3-NT is widely used as a marker of nitrative damage. Here, we found increased expression of 3-NT in dopaminergic neurons in SN of MPTP-treated mice, predominantly co-localized with TH-positive dopaminergic neurons (Figure 5A,B,C). However, diapocynin significantly decreased the MPTP-induced increase in 3-NT in dopaminergic neurons in the SN.
Along with peroxynitrite, levels of 4-HNE, an unsaturated aldehyde generated during lipid peroxidation, were also significantly increased in the SN of PD brains compared to controls . 4-HNE has been demonstrated to block mitochondrial respiration and induce caspase-dependent apoptosis [37, 38]. In our study, we showed increased expression of 4-HNE, a marker of oxidative damage in the SN of MPTP-treated mice, which was colocalized in the cytosol of TH-positive dopaminergic neurons (Figure 5D,E,F). However, diapocynin significantly decreased the amount of 4-HNE in the MPTP-treated SN, indicating that diapocynin acted by attenuating ROS generation.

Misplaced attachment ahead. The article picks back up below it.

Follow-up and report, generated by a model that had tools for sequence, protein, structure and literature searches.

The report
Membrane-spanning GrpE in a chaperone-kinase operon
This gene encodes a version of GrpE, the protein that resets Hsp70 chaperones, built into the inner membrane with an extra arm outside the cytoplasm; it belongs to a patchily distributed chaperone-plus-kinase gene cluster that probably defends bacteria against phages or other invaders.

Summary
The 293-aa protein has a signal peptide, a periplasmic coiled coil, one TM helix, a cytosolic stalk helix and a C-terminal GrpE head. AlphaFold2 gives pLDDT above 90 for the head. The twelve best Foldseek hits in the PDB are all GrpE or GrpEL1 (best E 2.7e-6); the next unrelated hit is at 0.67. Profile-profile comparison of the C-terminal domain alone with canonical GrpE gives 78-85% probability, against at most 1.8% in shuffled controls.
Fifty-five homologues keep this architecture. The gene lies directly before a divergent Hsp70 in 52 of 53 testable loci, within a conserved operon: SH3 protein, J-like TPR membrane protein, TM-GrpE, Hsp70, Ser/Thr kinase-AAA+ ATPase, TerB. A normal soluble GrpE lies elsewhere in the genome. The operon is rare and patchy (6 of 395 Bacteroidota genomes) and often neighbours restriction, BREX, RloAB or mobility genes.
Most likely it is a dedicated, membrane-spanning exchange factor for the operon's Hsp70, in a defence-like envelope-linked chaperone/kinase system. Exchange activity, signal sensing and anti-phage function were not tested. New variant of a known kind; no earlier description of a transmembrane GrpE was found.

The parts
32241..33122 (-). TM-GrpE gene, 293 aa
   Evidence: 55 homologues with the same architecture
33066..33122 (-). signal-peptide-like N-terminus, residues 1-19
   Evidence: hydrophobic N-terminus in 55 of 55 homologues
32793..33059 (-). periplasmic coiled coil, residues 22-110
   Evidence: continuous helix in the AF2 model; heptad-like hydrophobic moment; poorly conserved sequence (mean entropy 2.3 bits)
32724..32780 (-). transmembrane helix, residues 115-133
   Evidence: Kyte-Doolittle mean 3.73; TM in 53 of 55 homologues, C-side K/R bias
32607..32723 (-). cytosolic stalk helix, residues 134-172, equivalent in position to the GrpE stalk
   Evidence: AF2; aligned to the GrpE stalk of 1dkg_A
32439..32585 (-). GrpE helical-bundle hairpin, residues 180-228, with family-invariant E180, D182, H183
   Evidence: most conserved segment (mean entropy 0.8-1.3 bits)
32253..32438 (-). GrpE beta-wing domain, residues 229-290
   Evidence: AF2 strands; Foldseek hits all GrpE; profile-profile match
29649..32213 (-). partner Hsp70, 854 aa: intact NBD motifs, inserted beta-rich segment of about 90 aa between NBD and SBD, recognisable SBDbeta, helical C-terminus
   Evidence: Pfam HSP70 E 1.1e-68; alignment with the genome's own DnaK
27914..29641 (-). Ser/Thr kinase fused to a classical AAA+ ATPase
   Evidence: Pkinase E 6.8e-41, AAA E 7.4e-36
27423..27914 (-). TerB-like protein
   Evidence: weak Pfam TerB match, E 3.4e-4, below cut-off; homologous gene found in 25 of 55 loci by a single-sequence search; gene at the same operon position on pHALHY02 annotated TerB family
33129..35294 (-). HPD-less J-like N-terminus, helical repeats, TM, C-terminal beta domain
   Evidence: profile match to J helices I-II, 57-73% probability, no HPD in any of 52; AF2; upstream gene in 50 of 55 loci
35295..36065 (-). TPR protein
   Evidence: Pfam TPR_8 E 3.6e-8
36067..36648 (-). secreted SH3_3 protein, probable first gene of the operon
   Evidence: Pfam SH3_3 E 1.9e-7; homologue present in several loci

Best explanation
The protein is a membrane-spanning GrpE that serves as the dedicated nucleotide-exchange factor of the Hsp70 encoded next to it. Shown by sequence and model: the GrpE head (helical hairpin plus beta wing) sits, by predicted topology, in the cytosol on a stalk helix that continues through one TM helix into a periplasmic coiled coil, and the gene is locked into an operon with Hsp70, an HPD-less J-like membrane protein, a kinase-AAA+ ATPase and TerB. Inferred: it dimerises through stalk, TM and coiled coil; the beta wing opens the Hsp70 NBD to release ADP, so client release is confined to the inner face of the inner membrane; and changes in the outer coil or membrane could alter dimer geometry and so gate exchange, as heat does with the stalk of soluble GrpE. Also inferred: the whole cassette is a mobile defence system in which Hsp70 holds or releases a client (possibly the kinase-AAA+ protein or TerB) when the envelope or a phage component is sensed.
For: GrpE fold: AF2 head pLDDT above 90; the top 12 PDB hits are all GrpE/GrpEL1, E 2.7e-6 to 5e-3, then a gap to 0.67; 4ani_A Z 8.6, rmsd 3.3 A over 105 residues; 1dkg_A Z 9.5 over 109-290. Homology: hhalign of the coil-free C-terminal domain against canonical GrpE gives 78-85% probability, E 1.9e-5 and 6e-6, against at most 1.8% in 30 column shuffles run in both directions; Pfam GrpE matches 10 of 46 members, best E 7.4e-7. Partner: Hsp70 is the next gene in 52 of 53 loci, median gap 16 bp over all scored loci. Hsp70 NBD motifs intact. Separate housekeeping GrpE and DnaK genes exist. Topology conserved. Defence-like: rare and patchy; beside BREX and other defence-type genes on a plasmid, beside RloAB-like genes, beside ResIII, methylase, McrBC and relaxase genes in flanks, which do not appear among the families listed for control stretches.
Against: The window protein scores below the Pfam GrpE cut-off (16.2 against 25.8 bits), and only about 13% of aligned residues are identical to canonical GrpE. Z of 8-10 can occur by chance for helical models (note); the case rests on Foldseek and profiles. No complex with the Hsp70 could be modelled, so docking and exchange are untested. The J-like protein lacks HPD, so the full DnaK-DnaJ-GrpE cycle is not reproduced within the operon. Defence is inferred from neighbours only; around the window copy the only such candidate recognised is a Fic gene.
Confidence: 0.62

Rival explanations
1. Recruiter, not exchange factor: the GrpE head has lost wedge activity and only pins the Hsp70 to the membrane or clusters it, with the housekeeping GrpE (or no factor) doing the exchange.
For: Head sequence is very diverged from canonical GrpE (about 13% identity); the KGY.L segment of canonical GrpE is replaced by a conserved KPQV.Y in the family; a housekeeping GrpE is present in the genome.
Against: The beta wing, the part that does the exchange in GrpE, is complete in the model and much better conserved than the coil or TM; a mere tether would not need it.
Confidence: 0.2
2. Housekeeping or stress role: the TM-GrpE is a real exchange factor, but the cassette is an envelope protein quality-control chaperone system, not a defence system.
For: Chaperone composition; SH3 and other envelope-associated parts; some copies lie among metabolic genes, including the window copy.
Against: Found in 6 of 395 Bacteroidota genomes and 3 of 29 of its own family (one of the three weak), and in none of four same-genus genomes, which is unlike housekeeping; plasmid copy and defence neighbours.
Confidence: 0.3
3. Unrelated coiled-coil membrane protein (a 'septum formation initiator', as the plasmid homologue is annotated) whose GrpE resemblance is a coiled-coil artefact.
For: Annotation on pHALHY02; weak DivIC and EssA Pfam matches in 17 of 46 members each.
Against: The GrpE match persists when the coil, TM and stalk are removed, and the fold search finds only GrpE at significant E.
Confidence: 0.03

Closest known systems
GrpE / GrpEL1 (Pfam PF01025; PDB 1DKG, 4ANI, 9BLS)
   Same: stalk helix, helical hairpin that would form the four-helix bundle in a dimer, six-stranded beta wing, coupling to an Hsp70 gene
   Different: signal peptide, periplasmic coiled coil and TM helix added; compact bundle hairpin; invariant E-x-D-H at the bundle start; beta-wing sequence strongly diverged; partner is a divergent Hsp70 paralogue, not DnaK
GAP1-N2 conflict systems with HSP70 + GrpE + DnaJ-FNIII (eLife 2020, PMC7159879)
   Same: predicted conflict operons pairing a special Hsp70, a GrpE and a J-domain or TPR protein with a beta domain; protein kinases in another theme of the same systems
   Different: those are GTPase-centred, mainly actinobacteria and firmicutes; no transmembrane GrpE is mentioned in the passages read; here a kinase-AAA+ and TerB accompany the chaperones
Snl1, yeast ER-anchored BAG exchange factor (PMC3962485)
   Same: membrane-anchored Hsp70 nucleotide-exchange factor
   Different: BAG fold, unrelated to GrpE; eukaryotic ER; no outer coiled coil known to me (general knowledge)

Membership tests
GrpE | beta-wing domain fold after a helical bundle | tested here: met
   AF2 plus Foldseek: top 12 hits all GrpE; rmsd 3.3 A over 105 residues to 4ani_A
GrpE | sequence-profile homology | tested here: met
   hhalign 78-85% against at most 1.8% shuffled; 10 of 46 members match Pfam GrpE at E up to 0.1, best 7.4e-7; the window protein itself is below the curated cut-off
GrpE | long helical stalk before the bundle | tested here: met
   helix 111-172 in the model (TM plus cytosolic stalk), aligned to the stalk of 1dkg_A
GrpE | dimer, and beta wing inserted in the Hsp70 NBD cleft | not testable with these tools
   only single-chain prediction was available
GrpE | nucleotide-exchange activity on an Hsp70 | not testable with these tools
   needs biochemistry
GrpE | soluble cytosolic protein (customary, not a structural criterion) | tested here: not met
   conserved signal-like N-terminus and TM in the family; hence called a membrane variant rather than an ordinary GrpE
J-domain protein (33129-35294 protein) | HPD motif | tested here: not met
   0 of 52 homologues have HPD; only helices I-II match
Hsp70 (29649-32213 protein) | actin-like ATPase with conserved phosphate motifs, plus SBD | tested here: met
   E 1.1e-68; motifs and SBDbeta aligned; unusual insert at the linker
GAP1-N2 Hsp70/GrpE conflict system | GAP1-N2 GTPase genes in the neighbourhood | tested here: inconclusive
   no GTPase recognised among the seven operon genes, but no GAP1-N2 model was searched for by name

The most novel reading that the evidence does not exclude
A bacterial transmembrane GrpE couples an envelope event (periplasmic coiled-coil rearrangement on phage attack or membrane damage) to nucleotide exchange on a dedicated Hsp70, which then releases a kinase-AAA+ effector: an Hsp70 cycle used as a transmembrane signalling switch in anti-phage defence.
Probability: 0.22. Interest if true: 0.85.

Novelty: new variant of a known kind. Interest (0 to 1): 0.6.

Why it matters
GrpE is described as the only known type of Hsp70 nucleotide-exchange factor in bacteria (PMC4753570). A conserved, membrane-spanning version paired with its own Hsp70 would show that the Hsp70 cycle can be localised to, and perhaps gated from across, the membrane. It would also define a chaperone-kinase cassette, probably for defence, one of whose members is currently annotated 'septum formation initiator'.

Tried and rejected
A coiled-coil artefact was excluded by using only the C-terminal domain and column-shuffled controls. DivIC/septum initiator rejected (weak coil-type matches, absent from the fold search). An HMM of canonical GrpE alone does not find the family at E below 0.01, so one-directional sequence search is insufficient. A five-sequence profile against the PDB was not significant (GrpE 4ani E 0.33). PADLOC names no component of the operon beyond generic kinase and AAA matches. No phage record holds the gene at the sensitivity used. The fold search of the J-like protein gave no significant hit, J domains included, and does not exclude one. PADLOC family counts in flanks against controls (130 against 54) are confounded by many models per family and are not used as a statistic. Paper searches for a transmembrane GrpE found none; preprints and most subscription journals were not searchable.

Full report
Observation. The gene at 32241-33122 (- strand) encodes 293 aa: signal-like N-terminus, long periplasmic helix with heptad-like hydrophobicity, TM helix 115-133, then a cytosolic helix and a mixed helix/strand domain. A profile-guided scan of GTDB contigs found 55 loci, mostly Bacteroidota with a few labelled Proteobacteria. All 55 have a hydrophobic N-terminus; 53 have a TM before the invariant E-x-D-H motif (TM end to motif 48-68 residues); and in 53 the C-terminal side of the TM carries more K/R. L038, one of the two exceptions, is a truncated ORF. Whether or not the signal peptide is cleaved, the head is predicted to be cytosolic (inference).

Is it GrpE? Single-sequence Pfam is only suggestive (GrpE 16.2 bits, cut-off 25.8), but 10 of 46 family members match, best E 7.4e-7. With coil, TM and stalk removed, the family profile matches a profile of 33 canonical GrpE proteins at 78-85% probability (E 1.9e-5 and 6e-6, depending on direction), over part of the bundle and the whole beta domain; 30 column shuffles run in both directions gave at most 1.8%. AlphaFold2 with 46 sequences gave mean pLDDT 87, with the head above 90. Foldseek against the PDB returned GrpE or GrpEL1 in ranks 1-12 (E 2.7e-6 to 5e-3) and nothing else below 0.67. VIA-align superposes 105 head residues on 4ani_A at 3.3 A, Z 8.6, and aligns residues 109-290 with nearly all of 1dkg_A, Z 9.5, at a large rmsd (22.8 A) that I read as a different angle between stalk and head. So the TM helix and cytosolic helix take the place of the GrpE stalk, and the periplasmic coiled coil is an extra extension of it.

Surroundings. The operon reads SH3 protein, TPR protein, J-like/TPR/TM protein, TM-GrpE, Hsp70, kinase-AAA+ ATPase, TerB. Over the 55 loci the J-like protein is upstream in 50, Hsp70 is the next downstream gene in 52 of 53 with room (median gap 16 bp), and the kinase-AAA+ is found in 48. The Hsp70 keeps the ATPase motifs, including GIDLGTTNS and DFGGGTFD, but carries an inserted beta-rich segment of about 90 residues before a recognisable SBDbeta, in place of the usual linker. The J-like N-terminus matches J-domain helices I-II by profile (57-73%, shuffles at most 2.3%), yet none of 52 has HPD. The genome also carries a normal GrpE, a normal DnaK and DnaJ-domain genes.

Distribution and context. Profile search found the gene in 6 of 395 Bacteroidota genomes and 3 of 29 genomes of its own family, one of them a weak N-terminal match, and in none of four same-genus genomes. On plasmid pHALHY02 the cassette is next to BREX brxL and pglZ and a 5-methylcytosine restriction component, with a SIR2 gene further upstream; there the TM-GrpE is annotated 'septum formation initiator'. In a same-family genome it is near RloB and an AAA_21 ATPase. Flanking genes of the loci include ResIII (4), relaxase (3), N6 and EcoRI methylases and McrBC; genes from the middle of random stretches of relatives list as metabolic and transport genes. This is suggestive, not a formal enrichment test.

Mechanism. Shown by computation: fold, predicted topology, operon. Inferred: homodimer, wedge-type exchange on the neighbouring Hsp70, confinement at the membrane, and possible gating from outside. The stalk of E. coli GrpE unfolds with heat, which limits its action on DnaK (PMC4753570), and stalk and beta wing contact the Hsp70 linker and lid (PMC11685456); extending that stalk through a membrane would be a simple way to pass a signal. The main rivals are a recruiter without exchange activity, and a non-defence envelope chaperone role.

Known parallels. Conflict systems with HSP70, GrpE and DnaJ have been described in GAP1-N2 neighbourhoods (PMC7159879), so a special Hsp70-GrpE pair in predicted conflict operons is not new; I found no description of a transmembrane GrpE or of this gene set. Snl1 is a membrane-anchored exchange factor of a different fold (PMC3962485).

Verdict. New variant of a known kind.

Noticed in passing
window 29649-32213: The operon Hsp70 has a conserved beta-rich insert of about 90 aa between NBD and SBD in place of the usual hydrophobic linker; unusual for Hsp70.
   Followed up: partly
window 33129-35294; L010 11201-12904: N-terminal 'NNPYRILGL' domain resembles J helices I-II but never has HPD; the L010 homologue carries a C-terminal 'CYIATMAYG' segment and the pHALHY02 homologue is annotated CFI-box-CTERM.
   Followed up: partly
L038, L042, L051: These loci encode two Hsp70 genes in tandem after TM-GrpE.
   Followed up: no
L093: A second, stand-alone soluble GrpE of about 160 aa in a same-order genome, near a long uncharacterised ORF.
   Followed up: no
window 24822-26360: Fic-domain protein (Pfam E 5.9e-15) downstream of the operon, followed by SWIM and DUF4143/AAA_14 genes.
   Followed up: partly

The lack of an effective therapy to halt the progression of PD has been a longstanding challenge in the field. Administration of a dopamine agonist or levodopa has been the leading treatment for PD symptoms, but these treatments do not affect disease progression. Various putative neuroprotective agents, including glial cell line-derived neurotrophic factor (GDNF), brain-derived neurotrophic factor (BDNF), TGF-β and other small molecule compounds, have been tested in animal models of PD [39, 40]. However, most of these compounds failed in either pre-clinical trials or human trials due to their inability to cross the blood-brain barrier or due to limited bioavailability. Moreover, they also caused adverse side effects. Hence, understanding the mechanism of the disease process and development of a successful neuroprotective therapeutic approach to halt the disease progression are of principal importance in PD research.